ECSOD overexpression in these mice was controlled by an actin promoter, which allows for constitutive and ubiquitous expression of the enzyme in all cell types . To verify that primary macrophages isolated from these mice did in fact show increased ECSOD expression compared to wild type, we performed immunostaining for ECSOD in lung tissue and Western blot analysis of medium from cultured BMMs. Intense staining for human ECSOD was observed in lung tissue sections of ECSOD-overexpressing (OE) mice. Positive staining was observed predominantly in macrophages and neutrophils from ECSOD-OE mice but was absent from the lungs of wild-type mice (Fig. 4A). Western blotting revealed expression of human ECSOD protein in medium from ECSOD-overexpressing BMMs versus wild-type cells. An approximately 32-kDa band was present in ECSOD-OE medium, but not in WT medium (Fig. 4B). These data are in concordance with previous work, which has found inflammatory cells to be a source of ECSOD .
To elucidate the endogenous source of free radical production in smoke-induced oxidative stress, we investigated the role of NOX enzymes. NOX inhibitors, diphenyleneiodonium (DPI) and apocynin, were used to determine the role of NOX activity in CSE-induced oxidative stress. Primary mouse macrophages were incubated for 60 min with DPI (5 μM) or apocynin (1 μM) followed by 10% CSE for an additional 60 min. Both DPI and apocynin decreased the amount of measurable DCFDA fluorescence elicited by CSE, although apocynin was more effective at reducing oxidative stress (Fig. 5A). Additionally, bone marrow-derived macrophages isolated from wild-type or NOX-deficient mice were exposed to 10% CSE for 60 min and oxidative stress was measured subsequently by DCFDA indicator dye fluorescence. NOX knockout macrophages showed almost completely reduced oxidative stress when exposed to CSE compared to wild-type cells (Figs. 5B and C).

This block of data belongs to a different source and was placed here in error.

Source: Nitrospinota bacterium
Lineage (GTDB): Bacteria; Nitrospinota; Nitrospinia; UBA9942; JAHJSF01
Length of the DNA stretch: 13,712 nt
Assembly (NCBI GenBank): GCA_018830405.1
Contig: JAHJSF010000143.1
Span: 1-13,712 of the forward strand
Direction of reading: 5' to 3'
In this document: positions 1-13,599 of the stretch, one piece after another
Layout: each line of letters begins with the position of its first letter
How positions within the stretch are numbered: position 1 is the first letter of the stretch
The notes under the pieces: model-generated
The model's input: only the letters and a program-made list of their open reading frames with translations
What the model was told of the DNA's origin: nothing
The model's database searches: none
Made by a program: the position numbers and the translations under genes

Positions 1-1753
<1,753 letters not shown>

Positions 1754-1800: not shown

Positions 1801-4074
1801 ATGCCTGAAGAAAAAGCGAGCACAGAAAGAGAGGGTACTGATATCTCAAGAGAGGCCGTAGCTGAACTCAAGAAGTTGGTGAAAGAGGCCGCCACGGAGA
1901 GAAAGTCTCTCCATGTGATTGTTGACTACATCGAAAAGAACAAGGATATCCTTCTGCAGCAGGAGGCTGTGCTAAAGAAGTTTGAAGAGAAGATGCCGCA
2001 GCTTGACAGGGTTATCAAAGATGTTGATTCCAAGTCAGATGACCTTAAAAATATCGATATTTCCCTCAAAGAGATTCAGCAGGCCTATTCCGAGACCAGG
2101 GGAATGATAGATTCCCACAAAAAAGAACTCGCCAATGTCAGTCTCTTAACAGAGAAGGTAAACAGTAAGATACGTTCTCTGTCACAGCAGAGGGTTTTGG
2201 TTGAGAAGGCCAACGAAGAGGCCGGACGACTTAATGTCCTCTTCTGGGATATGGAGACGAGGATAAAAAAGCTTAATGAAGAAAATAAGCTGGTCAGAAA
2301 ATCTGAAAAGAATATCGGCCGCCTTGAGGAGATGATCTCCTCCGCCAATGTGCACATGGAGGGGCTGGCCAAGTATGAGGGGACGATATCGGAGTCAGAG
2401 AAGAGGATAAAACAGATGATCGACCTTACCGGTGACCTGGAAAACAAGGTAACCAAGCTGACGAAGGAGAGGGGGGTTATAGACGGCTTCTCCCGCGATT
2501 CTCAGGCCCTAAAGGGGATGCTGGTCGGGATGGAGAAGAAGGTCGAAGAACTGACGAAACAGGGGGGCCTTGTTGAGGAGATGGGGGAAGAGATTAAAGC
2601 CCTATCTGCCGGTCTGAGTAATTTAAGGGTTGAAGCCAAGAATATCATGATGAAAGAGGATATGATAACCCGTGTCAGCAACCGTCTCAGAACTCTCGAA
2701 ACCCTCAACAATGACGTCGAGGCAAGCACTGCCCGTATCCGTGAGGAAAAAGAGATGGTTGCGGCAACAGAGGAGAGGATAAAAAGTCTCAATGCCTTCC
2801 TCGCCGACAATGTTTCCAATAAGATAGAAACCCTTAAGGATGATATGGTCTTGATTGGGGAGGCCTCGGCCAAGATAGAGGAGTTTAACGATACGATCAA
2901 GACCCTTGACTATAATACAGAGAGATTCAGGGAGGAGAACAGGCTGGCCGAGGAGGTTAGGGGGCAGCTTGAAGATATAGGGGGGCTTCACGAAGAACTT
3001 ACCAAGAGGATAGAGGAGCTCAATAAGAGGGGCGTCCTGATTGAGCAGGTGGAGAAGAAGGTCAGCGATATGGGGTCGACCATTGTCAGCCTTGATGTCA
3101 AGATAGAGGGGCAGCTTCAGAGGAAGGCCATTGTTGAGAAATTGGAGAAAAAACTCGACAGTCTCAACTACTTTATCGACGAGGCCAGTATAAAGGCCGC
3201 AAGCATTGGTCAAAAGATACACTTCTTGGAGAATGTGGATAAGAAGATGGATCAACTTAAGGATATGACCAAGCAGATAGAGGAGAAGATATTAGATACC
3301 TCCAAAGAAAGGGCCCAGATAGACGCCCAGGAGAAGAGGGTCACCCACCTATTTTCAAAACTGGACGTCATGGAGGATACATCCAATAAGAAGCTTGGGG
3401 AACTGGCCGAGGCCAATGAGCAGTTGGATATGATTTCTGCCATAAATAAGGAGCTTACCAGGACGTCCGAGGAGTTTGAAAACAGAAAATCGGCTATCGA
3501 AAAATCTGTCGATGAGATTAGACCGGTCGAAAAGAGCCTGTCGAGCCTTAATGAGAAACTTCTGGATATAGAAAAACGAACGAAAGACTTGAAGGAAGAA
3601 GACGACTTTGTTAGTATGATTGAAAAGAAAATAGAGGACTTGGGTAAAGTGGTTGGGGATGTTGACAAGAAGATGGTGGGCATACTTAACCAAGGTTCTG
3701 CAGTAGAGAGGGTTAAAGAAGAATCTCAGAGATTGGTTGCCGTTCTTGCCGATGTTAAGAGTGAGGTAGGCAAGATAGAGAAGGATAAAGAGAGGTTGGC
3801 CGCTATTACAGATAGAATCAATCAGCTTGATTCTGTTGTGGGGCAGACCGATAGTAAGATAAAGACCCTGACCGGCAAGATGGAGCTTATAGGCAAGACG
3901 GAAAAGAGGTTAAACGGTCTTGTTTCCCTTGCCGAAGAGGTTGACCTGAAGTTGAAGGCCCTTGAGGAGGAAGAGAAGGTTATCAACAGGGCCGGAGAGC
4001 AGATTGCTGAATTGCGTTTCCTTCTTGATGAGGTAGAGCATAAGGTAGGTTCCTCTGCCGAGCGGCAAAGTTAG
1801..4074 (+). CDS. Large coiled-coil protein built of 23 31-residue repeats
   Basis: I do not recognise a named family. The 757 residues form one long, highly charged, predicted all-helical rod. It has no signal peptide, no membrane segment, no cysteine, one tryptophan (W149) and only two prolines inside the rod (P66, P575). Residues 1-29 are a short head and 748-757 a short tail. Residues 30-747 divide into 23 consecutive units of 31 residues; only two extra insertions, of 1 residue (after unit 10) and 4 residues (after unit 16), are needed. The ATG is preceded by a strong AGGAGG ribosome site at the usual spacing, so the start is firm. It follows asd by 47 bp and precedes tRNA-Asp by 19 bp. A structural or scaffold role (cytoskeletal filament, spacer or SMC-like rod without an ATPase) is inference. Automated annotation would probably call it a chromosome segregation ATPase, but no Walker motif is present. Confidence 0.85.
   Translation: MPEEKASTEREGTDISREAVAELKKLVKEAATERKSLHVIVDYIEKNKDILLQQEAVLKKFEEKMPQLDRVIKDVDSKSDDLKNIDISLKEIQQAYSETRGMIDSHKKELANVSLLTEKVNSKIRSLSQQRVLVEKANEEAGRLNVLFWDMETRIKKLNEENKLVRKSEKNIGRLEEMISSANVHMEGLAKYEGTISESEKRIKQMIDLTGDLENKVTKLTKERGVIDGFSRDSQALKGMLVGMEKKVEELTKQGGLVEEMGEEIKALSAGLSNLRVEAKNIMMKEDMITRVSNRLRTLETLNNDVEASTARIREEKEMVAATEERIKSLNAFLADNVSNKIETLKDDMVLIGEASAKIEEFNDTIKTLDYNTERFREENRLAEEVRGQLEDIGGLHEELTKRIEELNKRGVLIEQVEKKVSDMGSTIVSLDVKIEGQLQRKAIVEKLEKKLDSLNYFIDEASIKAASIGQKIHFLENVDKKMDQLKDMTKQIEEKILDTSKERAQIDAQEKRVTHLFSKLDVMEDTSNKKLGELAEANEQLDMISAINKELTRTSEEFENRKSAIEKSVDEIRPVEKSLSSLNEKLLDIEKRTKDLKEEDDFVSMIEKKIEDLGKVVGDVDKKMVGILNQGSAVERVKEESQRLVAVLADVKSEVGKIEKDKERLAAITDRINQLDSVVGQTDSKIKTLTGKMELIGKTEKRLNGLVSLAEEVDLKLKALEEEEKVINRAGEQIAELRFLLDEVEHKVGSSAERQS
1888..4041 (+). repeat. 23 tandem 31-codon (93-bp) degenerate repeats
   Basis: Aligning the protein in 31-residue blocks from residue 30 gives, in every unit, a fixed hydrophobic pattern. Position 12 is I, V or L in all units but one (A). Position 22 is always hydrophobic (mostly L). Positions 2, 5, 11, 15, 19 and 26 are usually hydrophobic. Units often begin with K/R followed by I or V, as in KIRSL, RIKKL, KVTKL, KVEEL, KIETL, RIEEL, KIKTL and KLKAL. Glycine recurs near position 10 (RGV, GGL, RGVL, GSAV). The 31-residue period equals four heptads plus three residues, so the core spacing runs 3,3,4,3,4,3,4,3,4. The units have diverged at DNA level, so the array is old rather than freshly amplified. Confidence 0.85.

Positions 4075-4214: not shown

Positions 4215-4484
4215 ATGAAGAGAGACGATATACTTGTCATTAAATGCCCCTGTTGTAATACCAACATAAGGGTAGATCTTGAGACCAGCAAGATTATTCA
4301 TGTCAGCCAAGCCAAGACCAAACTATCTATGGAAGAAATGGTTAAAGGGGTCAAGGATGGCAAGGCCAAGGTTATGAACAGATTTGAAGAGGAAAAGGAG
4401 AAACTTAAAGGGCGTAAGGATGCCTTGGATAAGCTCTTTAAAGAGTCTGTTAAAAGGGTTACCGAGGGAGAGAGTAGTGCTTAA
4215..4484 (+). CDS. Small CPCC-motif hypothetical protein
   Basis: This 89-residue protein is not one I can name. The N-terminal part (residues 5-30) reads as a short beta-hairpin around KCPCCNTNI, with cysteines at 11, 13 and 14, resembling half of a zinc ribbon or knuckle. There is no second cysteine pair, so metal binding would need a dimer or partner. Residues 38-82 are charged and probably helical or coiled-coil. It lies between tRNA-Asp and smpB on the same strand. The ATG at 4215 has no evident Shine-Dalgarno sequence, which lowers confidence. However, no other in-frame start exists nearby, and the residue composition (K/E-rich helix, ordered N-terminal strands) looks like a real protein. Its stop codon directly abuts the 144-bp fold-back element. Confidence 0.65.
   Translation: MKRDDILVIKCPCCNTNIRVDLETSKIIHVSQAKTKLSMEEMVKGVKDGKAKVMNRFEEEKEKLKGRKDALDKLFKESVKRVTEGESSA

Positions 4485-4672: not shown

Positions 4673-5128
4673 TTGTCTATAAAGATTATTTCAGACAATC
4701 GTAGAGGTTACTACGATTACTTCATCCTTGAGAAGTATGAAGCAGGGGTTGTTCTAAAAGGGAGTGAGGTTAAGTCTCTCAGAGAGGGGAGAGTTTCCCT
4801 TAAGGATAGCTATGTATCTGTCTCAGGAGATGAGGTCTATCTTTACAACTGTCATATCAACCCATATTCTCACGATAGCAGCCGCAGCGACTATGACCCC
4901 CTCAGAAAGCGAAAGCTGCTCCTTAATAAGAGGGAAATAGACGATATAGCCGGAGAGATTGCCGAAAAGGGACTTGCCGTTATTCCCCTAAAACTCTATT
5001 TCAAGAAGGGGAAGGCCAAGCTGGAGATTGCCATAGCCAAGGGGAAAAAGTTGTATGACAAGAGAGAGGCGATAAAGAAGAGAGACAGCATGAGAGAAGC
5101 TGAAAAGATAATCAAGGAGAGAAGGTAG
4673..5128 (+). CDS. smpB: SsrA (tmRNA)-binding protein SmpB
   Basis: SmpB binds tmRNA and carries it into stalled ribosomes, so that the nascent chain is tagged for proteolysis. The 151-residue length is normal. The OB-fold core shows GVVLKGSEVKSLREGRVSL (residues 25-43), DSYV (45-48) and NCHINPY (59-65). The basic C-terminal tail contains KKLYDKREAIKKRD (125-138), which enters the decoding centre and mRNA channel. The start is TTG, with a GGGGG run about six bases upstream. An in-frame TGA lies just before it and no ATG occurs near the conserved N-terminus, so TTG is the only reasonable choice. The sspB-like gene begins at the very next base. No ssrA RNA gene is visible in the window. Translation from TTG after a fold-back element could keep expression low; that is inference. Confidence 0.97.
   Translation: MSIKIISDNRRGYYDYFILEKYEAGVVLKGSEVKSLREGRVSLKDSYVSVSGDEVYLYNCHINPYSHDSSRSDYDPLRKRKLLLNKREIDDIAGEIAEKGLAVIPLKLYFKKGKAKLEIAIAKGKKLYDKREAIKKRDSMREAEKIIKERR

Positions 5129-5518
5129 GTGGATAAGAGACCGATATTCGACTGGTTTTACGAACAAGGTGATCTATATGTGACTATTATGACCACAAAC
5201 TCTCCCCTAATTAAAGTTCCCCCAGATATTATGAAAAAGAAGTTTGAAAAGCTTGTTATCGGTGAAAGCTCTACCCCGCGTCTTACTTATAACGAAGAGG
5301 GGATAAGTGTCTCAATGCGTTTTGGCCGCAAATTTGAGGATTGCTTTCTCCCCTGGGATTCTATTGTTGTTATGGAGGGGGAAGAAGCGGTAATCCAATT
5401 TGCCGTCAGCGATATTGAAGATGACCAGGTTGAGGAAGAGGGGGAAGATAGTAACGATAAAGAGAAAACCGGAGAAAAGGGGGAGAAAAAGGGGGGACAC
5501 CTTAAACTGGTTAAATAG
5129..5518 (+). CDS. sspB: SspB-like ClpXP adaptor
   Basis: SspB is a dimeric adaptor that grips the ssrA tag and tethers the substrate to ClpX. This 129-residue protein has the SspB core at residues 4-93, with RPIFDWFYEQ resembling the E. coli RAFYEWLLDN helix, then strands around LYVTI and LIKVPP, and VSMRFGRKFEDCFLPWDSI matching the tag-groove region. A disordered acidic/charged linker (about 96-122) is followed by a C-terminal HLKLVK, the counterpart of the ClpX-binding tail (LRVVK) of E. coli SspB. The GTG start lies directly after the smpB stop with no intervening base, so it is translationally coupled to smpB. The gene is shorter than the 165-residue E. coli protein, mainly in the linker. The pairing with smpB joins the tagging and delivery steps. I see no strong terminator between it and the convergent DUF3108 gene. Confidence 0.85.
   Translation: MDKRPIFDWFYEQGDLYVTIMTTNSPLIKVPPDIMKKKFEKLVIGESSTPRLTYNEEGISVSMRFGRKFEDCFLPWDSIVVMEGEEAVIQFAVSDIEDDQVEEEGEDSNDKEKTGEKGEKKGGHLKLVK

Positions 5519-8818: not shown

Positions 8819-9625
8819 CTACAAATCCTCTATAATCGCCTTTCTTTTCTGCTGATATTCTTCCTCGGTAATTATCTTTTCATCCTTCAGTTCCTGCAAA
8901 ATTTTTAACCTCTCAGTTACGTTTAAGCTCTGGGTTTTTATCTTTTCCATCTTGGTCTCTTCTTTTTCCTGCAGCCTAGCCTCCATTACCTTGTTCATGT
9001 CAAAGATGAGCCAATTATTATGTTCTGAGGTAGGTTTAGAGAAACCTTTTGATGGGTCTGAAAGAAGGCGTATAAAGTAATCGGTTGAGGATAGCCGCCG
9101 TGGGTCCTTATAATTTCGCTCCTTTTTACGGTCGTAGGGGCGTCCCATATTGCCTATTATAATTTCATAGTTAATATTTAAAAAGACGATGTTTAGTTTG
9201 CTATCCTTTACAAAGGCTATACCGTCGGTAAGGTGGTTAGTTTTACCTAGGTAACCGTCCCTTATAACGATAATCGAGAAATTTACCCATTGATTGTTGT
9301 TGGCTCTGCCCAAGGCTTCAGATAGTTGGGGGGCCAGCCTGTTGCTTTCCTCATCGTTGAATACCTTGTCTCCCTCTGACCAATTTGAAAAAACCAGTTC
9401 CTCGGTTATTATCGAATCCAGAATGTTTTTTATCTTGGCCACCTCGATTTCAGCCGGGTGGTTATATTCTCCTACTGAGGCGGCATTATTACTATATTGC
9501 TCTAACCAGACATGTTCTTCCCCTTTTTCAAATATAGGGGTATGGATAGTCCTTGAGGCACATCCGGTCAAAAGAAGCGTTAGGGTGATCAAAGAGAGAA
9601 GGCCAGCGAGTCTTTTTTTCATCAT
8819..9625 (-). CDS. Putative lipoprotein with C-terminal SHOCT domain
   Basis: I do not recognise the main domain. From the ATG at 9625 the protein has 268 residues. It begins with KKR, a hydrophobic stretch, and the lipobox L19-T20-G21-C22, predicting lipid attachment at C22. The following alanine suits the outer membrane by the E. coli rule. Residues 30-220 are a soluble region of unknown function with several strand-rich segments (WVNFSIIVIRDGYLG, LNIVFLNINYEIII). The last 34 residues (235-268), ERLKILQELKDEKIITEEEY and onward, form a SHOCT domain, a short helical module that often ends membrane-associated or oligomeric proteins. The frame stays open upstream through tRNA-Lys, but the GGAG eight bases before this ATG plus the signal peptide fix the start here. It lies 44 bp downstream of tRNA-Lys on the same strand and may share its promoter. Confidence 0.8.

We measured cytokine and antioxidant levels in BALF from wild-type and transgenic mice to determine the role of ECSOD and NOX enzymes in an intact animal model of smoke exposure. Macrophage-inflammatory protein-2 (MIP2) was measured in the BALF of wild-type and transgenic mice exposed to cigarette smoke for 5 h/day, 5 days/week for 2 weeks. MIP2 was increased in BALF from wild-type mice exposed to smoke compared to air control. However, in ECSOD-overexpressing mice (SPC promoter) and in NOX knockout mice, MIP2 levels remained similar in mice exposed to smoke versus air control (Fig. 6A). Interferon-γ (IFNγ) is another proinflammatory cytokine that was measured in wild-type and transgenic mice exposed to cigarette smoke for 2 weeks. IFNγ was also increased in response to smoke exposure, although this finding was not significant in our model. Levels of IFNγ remained steady in ECSOD-over-expressing mice or NOX KO mice exposed to cigarette smoke (Fig. 6B). Tumor necrosis factor-α levels were also measured in wild-type and transgenic mice, although no significant differences were observed with this amount of cigarette smoke exposure (data not shown).
Levels of reduced GSH were increased in BALF of wild-type mice exposed to cigarette smoke compared to wild-type mice exposed to air. Interestingly, mice that overexpress ECSOD and, therefore, more efficiently scavenge excess O−2, did not show the compensatory increase in reduced GSH levels that was observed in wild-type mice. Similarly, mice that are deficient for NOX and, therefore, show reduced production of O−2, also showed significant attenuation of this compensatory antioxidant mechanism (Fig. 6C).
The effects of smoke exposure and disease state on redox environment were also measured in lysates from lung tissue obtained from human subjects to determine the relevance of oxidative stress in COPD. Lipid peroxidation, a marker of oxidative damage, was measured with a 4-HNE-specific antibody. Increased 4-HNE reactivity was observed in patients with moderate or severe COPD as opposed to those with mild COPD or without a diagnosis of disease (Fig. 7).